One valued and fundamental measurement of stocks (and, ultimately, the entire stock market) is the Price Earnings Ratio or PE Ratio. Simply speaking, the PE Ratio is a measure of how expensive any given stock or basket of stocks are relative to their earnings or earnings power.
To establish the PE Ratio is fairly simple. It is calculated by dividing the current stock price by the last known or even the projected per-share earnings of any given stock or basket of stocks. The result is sometimes referred to as the trading "multiple" and it reflects how high the price of the stock is in comparison to its earnings's power. Typically, high PE stocks are called growth stocks. This is because high PE ratios reflect some speculation on the long-term growth prospects for that stock.
Other than baseball and football, no other activity has so many accumulated statistics than the stock market. It is charted and measured; both six ways and sideways. But a simple way to look at the stock market as a whole is to look at the average PE Ratio for any given market basket of stocks. A market basket might be all financial stocks. Another could be all auto stocks. But, generally speaking, the most common market basket of stocks -- the ones that most people are aware of -- are indexes like the Dow Jones Industrial Average and the S&P 500.
Most seasoned investors look to the Standard and Poors 500 basket of stocks because it is more broadly accurate than the other and more widely popular measurement of the stock market: the Dow Jones Industrial Average.
At the end of 2007 -- just before the recession -- the average PE Ratio for all the S&P 500 stocks was 22.19. At 22.19, that multiple was even higher than normal; indicating that the stock market was severely overbought and was due for a correction. Since then, the stock market had taken a 50+ percent tumble to a low in March of this year. By March of 2009, the average PE Ratio for the S&P 500 went to a whopping 116.31; or, about 5 times higher than it was in December 2007. Remember, if 22.19 was a high number in 2007, then, 116.31 in March of this year was even more ridiculous; indicating an absolutely overpriced stock market.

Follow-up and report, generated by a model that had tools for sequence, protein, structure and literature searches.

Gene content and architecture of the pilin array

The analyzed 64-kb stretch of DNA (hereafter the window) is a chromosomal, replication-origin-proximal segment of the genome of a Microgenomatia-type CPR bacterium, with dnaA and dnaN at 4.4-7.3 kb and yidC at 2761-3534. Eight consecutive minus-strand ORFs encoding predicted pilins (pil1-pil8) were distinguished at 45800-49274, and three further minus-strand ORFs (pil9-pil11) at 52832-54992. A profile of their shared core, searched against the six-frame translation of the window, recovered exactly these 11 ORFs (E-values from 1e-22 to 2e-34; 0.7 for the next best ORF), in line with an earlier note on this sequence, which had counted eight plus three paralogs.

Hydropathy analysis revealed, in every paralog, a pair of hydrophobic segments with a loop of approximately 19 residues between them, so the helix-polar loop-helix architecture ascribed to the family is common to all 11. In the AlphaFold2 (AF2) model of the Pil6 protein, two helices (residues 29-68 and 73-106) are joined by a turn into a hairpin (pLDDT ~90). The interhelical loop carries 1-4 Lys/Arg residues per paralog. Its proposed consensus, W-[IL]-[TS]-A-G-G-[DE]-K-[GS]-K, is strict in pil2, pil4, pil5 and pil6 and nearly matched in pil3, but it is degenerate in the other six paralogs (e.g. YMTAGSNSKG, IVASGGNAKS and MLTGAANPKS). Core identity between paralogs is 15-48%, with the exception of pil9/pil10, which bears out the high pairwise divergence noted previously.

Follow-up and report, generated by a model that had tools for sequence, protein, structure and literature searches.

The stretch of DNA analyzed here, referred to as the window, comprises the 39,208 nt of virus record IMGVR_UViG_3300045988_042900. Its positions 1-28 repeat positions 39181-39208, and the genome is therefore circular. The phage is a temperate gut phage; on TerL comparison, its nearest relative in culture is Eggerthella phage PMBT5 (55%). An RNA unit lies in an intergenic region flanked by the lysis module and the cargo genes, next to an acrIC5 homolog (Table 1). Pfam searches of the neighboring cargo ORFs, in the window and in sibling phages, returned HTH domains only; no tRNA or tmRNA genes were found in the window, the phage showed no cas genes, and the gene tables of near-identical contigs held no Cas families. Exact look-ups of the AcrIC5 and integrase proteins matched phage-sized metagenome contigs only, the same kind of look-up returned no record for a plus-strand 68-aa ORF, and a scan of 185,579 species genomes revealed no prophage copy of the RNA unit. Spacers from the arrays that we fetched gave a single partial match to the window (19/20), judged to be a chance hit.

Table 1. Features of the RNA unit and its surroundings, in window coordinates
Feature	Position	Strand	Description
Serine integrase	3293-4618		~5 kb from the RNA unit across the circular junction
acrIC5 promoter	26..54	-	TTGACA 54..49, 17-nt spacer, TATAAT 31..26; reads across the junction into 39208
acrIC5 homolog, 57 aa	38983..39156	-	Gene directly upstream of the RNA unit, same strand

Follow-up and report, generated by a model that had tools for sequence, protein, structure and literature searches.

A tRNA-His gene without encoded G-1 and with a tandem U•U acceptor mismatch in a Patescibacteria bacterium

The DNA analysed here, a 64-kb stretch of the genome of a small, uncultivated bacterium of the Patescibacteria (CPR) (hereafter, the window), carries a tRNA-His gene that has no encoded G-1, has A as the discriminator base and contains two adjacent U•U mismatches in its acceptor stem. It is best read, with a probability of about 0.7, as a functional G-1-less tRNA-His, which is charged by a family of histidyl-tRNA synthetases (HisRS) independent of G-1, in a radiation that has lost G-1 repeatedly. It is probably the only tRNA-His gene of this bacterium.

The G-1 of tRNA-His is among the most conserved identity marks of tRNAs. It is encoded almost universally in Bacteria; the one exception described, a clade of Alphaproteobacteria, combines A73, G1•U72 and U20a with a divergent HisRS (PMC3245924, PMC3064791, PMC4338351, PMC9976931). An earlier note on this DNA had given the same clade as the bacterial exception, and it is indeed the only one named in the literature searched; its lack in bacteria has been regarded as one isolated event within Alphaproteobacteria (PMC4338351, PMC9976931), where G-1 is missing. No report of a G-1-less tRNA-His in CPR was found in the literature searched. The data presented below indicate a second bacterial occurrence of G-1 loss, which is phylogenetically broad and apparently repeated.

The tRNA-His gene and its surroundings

Yet, despite that fact, the stock market has rallied back from the March lows of 667 on the S&P 500 to today's level of near 1071. That's a percentage gain of over 50%. Simply looking at this fact, one might conclude that the earnings of all those stocks that make up the SP-500 would have to have increased by 50% or more. However, the reality is that the corporate earnings continued to fall. That's why the current PE ratio is close to 141; or, over 6 times of what it was in December of 2007.
So, what is the conclusion here?
The conclusion, to me, is that we are in another bubble. This time it's the stock market; and, not housing. There is absolutely no reason for this stock market to have climbed as high as it has; in such a short period of time; and, without any earnings to support it. There is absolutely no prospect for earnings to increase substantially in the short term. And, no reason that would support the kind of market movement that we have seen since March. If anything, the stock market should have fallen even farther after hitting the March low. Therefore, this should give pause to anyone who is now invested in the stock market. I am concerned that we are due for another fall in the not too distant future.
(Click to View a 5-year Chart of PE Ratios for the S&P 500)